Wednesday, July 9, 2014

Pacific Journal of Baptist Research 9, no. 1 published


The most recent issue of the Pacific Journal of Baptist Research, for which I serve as a member of the Editorial Board, has now been published and is available online. Vol. 9, no. 1 (May 2014) is a Festschrift issue in honor of New Zealand Baptist theological educator Laurie Guy, with contributions from John Tucker, David Bebbington, Peter Lineham, Allan Davidson, and Martin Sutherland, along with a bibliography of Guy's published work. Click the embedded reader above to read the issue here; it is also available as a PDF download on the Pacific Journal of Baptist Research web site, where back issues are available in PDF as well.

Tuesday, June 24, 2014

AAR-SE Constructive Theologies 2015 Call for Papers

As chair of the Constructive Theologies section of the American Academy of Religion--Southeast Region meeting in connection with the Southeastern Commission for the Study of Religion, I am pleased to call attention to the Call for Papers for our upcoming meeting in Nashville, Tennessee, March 6-8, 2015:

(AAR) Constructive Theologies

Themes: (1) Invited panel responding to Amos Yong’s work on theology and disability, with response from Professor Yong. (2) “Theological Anthropologies” (open call). Proposals engaging theological anthropologies with implications for theological reflection on disability are encouraged, but this session is not limited to papers making such connections. Submit all proposals to Steven R. Harmon, Gardner-Webb University School of Divinity (sharmon@gardner-webb.edu).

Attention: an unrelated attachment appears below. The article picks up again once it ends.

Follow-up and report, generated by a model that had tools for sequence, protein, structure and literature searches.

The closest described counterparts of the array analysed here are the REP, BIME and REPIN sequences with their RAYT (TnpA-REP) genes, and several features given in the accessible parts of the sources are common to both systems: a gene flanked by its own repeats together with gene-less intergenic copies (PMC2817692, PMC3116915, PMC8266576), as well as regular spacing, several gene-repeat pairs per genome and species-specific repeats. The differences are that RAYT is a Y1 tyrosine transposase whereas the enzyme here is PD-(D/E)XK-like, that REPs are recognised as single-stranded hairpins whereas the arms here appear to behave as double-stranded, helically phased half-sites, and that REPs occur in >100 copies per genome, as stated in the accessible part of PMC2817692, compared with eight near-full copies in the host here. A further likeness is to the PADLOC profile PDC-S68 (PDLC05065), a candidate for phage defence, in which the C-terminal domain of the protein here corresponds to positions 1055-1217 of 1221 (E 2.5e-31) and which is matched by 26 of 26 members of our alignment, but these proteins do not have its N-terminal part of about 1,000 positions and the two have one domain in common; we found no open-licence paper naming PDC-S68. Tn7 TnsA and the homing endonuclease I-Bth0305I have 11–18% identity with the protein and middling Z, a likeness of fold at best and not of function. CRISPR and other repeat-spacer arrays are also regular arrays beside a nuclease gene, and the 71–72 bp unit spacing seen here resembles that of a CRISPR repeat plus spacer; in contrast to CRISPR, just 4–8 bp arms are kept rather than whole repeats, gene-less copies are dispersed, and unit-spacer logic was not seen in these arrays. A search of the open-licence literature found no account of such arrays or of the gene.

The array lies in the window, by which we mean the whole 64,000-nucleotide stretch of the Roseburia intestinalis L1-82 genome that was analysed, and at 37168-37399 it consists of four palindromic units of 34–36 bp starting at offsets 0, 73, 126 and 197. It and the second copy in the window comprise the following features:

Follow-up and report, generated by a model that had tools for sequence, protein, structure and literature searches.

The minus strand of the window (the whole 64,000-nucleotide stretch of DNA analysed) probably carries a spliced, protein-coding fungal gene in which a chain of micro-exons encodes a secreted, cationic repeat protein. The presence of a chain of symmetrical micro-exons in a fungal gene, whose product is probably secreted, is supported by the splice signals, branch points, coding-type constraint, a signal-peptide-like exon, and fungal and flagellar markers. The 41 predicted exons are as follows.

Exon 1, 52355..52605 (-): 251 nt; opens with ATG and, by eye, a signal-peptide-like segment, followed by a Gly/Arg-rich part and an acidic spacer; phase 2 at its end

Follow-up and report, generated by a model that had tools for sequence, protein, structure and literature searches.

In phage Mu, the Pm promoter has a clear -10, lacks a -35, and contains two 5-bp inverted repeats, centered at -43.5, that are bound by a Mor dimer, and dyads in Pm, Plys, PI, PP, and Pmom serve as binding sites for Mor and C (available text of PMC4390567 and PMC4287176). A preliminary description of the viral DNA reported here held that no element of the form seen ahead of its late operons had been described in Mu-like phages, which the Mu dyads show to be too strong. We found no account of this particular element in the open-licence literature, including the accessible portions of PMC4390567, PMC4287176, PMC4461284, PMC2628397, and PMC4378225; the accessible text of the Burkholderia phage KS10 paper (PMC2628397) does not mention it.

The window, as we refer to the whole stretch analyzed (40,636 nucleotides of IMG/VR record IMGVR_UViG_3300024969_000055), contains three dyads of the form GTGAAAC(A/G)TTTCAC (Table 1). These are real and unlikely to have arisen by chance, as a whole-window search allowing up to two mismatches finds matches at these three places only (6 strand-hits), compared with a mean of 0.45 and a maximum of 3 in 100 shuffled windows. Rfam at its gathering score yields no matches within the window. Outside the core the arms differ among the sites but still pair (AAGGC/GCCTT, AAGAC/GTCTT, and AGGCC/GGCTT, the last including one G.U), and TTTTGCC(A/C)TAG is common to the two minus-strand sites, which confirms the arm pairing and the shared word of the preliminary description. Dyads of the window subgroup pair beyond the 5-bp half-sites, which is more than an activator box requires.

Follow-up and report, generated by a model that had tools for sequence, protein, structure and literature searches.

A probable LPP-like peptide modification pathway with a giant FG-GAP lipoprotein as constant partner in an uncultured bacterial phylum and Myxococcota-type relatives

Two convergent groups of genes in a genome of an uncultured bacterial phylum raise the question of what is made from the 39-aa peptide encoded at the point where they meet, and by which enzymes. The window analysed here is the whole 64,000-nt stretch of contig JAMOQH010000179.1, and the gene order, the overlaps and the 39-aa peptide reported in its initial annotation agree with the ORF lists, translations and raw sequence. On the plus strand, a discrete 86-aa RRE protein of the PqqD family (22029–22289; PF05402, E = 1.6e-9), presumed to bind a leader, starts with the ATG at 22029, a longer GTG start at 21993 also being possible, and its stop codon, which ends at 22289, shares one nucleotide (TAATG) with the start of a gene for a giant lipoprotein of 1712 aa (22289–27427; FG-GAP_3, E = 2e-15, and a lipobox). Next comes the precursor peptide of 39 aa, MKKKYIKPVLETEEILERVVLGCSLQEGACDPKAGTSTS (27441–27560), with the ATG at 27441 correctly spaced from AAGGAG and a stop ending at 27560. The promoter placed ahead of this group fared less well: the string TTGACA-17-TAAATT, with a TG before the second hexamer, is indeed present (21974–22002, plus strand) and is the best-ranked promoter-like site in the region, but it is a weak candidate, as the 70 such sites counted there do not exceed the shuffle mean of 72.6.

Further instructions and guidelines for paper proposals are available in the full 2015 Call for Papers on the SECSOR web site.

Wednesday, May 14, 2014

Matthew Emerson on Towards Baptist Catholicity

I'm grateful for the appreciative response to my book Towards Baptist Catholicity: Essays on Tradition and the Baptist Vision offered by Matthew Emerson on his blog Secundum Scripturas. I'm also grateful to know that eight years after its 2006 publication, the book is still finding readers and eliciting response.

Here's an excerpt from the beginning of Emerson's post:

I recently read Steve Harmon’s Towards Baptist Catholicity: Essays on Tradition and the Baptist Vision. I’m beginning some sustained work with my friend and colleague Luke Stamps on Baptist life and its relationship to the larger Christian tradition, and Harmon’s collection of essays is one of the most prominent works on the subject. In this post I hope to affirm much in Harmon’s book, but also offer some pointed questions and critiques from a different perspective (i.e. conservative Southern Baptist evangelical) than his own.